Our Souls at Night by Kent Haruf

Our Souls at Night by Kent Haruf

Every once in a while, a book comes along that knocks me backward with its quiet power. Kent Haruf’s final novel, Our Souls at Night, is such a book: a story about ordinary people living simple lives, told in spare, melancholy, beautiful prose.

Addie Moore and Louis Waters, both elderly and widowed, live a block apart in a small Colorado town. They’ve known one another for years (though not very well), and both of them are lonely. Addie makes an unusual request of Louis: she wants him to come and spend nights at her house, lying in bed next to her, just talking. Louis is surprised, but he agrees to give it a try, and they strike up a friendship – spending their nights in quiet companionship, telling each other the stories of their lives.

Haruf eloquently explores the terrain of this new relationship through exchanges like this one, where Louis admits to Addie:

The truth is I like it [being with you]. I like it a lot. I’d miss it if I didn’t have it. What about you?

I love it, she said. It’s better than I had hoped for. It’s a kind of mystery. I like the friendship of it. I like the time together. Being here in the dark of night. The talking. Hearing you breathe next to me if I wake up.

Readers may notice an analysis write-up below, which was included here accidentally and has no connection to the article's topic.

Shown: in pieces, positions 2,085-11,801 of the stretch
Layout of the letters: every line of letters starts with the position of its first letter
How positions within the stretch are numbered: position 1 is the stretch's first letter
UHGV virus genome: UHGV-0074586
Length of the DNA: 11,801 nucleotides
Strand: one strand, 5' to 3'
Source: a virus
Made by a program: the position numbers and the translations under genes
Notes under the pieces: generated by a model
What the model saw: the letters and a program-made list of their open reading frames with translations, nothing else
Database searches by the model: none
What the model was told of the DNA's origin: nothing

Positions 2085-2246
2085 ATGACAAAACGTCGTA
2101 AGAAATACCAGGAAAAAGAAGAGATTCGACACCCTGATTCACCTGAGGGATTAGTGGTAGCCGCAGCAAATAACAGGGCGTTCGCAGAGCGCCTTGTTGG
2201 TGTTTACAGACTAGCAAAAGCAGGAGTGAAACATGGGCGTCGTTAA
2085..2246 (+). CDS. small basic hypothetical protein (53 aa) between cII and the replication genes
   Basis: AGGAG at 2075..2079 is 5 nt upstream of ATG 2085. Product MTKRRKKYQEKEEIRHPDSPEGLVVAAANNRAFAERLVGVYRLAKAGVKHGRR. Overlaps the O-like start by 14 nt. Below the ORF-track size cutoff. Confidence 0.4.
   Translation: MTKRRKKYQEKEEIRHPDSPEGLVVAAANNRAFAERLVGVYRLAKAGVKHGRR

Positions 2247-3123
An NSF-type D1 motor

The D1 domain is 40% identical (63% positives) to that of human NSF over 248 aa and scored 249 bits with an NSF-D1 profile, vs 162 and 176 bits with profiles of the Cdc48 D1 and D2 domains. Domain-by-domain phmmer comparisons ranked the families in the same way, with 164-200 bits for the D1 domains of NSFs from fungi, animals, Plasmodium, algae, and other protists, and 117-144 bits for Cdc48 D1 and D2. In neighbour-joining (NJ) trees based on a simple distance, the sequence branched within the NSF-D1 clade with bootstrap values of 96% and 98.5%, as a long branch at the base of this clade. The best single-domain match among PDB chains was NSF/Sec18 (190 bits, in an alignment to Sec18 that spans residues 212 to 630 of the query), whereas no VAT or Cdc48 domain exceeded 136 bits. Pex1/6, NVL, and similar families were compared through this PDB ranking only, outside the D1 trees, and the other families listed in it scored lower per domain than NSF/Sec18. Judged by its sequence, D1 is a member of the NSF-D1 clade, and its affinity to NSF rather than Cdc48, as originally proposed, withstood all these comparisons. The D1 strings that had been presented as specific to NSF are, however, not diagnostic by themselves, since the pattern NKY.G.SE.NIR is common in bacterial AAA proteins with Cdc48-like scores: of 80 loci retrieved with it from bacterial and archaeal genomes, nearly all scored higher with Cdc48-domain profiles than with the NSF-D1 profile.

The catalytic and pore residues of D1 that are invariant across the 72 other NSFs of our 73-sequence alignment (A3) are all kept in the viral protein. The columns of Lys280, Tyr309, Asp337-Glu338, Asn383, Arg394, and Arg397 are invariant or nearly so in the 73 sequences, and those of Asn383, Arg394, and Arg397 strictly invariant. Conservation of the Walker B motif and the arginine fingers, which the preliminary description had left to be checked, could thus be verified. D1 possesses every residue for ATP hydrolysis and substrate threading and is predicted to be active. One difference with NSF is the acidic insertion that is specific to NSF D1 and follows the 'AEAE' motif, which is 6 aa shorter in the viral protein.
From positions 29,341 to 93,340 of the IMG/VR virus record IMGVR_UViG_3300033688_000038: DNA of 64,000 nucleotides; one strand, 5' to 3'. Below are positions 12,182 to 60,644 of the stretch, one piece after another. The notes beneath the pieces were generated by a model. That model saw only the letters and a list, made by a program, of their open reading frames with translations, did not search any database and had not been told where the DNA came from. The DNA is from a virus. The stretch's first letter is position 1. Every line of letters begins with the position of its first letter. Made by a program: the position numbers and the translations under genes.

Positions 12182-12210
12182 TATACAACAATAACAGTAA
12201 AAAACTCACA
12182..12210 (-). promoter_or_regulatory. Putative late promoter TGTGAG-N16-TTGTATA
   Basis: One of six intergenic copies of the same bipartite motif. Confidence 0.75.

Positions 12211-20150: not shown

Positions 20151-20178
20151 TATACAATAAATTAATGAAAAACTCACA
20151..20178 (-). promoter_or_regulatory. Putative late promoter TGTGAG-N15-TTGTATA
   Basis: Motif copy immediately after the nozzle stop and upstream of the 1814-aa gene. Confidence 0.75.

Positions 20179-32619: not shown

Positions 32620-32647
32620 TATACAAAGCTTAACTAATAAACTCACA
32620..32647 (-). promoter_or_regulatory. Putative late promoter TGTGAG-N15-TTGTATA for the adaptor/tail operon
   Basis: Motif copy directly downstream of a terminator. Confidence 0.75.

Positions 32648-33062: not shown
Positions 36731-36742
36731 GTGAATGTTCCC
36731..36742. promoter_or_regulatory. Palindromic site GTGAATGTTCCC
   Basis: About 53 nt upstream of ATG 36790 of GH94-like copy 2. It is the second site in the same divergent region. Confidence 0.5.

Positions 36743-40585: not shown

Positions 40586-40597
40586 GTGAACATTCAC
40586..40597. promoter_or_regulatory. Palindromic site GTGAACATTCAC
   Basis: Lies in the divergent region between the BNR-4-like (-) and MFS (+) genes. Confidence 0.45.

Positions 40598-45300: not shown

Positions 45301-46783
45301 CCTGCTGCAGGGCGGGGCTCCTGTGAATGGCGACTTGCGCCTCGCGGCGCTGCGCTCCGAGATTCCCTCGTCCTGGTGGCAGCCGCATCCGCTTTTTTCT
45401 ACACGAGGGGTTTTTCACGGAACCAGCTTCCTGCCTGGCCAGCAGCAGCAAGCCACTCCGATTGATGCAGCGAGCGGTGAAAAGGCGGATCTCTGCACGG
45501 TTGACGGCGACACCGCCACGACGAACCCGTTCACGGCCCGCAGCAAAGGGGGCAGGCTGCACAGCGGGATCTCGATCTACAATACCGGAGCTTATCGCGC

I like all that too.

When word gets around town about Addie and Louis’ arrangement, several people, including Louis’ daughter and Addie’s son, disapprove. But through their nights together, these two elderly people discover again what it means to really know another person. They open themselves up, sharing stories and anecdotes, looking back on the choices they’ve made in their lives. They come to respect and even love one another, enjoying the simple pleasures of companionship and long walks and quiet talks late at night. “It turns out we’re not finished with changes and excitements,” Addie says with wonder in her voice.

Haruf writes in unadorned yet evocative prose: lines made up of simple words that shimmer with wisdom. My favorite passage comes later in the book, when Louis and Addie are discussing their relationship. Addie says they’re “old news,” and Louis counters: “We’re not even old news. We’re not news of any kind at all, old or new.” Addie replies:

Do you want to be news?

No. Hell. I just want to live simply and pay attention to what’s happening each day.

That’s what I want from life, too. And I want to read more books like this one: luminous and wise, bittersweet yet hopeful.


Katie Noah Gibson is a writer, editor, knitter and compulsive tea-drinker living in the Boston area with her husband. Born in Texas, she’s a lifelong Anglophile with a particular love for Oxford, but she loves to travel just about anywhere. You can find her at her blog, Cakes, Tea and Dreams, reviewing books at Shelf Awareness, or on Twitter at @katiengibson.


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Link to buy Our Souls at Night at your local independent bookstore (we love them!) or at Indiebound by clicking here.